Expository teaching of God’s Word is the best and most profitable method of explaining the meaning of the text, and I mean profit in the sense of helpfulness to those who will be trying to implement God’s word into their lives.
The danger in teaching comes when we stray from the text and start to interject our own thoughts, ideas and inferences. Why? Because if we have a faulty exposition, which then leads to a faulty inference, we can end up building our lives on a series of inferences and not the clear teaching of God’s Word.
I think that the best policy concerning the teaching of God’s word with the goal of implementation is to practice, as much as possible, a position of non-inference. What is inference? Well, glad you asked.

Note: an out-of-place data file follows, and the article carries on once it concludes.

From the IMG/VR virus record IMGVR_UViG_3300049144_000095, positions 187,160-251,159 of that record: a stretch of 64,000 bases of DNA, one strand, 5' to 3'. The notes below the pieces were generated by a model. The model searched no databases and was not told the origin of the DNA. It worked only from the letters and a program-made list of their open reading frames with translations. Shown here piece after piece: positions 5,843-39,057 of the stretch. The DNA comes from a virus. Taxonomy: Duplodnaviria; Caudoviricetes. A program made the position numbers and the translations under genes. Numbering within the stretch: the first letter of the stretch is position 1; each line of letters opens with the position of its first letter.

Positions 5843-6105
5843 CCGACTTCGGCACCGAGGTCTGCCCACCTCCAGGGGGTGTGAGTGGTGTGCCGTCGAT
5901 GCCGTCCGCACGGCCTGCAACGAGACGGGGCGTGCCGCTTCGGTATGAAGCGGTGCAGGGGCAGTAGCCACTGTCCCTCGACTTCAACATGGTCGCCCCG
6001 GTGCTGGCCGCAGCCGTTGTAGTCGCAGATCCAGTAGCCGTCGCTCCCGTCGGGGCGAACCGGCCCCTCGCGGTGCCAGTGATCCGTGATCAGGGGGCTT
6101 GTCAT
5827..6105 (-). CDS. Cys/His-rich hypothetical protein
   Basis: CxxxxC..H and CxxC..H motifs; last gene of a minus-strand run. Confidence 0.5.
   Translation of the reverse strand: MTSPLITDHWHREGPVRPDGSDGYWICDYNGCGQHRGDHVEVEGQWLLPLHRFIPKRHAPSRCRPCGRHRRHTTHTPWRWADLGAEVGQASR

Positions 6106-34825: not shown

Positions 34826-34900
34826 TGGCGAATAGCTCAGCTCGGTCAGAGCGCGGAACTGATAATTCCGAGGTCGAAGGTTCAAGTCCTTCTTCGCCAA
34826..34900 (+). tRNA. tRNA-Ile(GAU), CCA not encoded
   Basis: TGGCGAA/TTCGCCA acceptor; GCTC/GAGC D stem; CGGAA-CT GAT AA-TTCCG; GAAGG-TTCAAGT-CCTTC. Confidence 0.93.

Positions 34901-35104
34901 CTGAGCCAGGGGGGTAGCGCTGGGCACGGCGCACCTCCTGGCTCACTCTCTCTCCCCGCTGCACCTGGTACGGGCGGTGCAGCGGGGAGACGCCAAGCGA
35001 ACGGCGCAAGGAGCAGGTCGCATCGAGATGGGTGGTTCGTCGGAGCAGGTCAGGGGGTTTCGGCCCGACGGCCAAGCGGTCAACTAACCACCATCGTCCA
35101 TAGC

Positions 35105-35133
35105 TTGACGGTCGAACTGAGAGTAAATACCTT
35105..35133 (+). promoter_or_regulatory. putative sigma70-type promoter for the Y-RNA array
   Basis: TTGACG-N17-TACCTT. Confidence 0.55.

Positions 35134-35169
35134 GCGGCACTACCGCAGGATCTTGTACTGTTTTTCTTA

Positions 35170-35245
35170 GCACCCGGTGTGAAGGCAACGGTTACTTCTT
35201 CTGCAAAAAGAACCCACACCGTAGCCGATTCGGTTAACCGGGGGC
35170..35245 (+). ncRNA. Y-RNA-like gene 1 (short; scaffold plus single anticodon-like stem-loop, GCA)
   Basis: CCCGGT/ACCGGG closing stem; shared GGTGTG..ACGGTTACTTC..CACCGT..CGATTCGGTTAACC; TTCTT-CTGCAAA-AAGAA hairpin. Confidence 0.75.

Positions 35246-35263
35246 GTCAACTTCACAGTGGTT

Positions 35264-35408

inference is the means one uses to draw conclusions on any given topic by way of previous thinking that had been completed before. Whereas it is true that we make inferences every day from what people say, write and do, it is only the clear things that provide the structural capability necessary in order to carry the ‘weight’ of a life. And, inference based upon inference can be especially harmful if the original inference is faulty.
In the coming days, I will be updating this post with examples of this practice, as well as ways that we can recognize it in our own lives and pursue doing what we need to do individually.